But, hey, crazy me, I like movies where action heroes are press agents.  And the real-life locations do help.  No foolin’, FOREIGN INTRIGUE is beautifully shot in Eastmancolor (print by Technicolor) by Bertil Palmgren.

And then there’s the soundtrack.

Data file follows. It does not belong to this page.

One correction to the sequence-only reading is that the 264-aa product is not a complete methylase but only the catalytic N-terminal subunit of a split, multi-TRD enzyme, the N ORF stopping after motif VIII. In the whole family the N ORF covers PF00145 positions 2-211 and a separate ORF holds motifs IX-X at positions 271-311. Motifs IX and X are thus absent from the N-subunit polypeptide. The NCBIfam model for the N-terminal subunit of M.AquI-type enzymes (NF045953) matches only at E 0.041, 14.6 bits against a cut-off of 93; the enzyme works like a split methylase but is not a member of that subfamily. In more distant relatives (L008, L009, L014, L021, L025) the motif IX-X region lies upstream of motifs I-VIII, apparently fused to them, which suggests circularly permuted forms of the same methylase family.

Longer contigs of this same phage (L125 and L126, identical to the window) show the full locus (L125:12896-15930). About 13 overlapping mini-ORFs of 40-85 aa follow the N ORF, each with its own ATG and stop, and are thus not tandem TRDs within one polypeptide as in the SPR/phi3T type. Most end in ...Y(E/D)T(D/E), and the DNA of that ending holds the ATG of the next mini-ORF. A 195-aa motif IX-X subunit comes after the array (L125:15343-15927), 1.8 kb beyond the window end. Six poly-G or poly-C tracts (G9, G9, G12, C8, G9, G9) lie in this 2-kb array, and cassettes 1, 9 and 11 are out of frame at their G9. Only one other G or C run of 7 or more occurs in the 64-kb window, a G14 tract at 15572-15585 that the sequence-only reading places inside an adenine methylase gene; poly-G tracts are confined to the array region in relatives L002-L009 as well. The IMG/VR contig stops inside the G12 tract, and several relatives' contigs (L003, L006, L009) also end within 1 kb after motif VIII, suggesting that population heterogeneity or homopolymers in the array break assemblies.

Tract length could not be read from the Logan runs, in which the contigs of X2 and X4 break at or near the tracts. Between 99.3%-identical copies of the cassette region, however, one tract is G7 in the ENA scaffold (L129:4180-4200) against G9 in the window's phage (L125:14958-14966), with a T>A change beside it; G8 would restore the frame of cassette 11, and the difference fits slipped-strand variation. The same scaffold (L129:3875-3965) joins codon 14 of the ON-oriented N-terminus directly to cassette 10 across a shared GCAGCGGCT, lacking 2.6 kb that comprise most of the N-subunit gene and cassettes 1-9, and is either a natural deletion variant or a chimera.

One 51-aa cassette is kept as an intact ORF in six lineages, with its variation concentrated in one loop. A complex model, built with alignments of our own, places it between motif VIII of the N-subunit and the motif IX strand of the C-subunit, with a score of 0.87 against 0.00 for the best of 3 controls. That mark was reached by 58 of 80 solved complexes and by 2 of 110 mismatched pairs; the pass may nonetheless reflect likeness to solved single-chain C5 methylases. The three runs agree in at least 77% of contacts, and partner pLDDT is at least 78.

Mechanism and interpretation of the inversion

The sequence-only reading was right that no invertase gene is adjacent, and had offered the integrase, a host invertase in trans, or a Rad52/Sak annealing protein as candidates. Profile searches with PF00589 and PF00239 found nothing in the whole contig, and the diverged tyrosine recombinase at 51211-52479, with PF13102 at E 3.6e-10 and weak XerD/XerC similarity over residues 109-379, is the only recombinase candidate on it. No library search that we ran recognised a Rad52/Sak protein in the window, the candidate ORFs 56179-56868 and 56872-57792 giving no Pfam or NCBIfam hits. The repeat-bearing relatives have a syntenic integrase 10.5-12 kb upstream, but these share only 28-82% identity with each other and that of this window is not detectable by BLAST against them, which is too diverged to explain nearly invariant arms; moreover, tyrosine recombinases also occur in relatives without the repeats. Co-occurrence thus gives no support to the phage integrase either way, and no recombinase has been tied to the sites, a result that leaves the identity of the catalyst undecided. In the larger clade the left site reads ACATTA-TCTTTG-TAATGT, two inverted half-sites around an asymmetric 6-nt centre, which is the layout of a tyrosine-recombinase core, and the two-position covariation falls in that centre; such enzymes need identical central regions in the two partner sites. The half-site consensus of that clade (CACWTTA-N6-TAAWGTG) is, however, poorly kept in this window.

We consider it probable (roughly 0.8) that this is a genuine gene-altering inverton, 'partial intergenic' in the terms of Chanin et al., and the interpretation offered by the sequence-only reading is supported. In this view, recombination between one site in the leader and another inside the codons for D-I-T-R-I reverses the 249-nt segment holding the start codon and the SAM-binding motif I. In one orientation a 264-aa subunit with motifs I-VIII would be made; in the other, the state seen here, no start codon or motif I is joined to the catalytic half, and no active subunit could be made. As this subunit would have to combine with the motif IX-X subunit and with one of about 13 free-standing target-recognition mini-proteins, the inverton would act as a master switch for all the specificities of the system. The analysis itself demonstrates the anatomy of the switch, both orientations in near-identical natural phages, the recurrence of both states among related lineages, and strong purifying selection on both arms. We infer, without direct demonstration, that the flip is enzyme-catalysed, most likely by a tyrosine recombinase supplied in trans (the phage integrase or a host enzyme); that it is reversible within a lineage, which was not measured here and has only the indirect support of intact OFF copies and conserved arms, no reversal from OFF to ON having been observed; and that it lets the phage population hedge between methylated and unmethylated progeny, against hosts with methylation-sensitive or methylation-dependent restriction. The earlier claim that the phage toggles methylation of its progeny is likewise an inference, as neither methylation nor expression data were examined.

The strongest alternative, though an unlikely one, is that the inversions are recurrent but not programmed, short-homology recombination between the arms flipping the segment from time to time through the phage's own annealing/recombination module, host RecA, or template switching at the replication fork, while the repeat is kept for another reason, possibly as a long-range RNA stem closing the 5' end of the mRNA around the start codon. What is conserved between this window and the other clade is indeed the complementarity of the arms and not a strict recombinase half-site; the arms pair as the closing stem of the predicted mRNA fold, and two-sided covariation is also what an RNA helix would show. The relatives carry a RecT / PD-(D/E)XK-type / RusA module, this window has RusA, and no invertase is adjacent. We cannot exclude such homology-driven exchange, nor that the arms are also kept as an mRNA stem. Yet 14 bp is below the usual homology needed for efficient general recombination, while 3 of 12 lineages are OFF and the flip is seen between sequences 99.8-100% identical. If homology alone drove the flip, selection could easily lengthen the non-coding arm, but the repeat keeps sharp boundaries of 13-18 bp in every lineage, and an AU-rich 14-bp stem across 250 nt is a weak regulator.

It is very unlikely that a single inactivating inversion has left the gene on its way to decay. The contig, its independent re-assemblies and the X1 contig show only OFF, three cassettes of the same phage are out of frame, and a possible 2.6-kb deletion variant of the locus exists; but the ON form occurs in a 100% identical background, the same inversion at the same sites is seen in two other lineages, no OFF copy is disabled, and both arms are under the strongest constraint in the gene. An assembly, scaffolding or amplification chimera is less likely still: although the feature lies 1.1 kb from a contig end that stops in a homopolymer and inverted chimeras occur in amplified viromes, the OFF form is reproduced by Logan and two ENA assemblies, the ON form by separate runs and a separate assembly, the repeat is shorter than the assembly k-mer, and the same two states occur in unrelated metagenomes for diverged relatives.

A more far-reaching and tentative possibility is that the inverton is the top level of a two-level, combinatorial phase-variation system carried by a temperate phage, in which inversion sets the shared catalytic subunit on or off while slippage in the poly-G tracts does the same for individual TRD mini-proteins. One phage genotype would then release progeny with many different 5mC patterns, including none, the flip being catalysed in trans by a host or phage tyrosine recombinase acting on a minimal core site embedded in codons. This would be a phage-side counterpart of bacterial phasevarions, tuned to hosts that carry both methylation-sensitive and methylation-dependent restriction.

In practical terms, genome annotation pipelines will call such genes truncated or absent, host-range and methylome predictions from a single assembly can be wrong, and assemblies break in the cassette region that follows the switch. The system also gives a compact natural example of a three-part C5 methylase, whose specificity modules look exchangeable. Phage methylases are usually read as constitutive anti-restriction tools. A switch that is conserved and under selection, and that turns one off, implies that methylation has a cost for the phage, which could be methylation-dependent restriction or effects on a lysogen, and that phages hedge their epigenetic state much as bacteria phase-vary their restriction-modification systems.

The one huge success of the movie was the title theme.  While the score of the flick was nicely composed by Paul Durand, the jazzy main instrumental tune, what became known as the “Foreign Intrigue Concerto” (by Charlie Norman), skyrocketed to the top of the pop charts.  Since approximately 80 minutes of the movie encompasses Mitchum skulking through rain-soaked streets accompanied by this ditty (which also seemingly plays constantly in the background of dialog scenes), one becomes infected by the contagious melody.  I seriously wondered if Bishop/Mitchum was genuinely stalking the villains, or simply wanting to know where the hell that music was coming from.  Personally, I couldn’t get the damn thing out of my head, humming the piece for two days after I had screened it.  It bounced around my cranium while I was putting together bookshelves, it haunted me on my way to the post office, and, ultimately, it took over my life.  Indeed, I found myself stealthily darting in and out of doorways en route to the local strip mall Food Universe, suspiciously eyeing deadly senior citizens and their lethal walkers.  Finally, the “Foreign Intrigue Concerto” even followed me into the bathroom where I feebly tried to justify its presence by reasonably pairing it with the aftermath of a Thai dinner.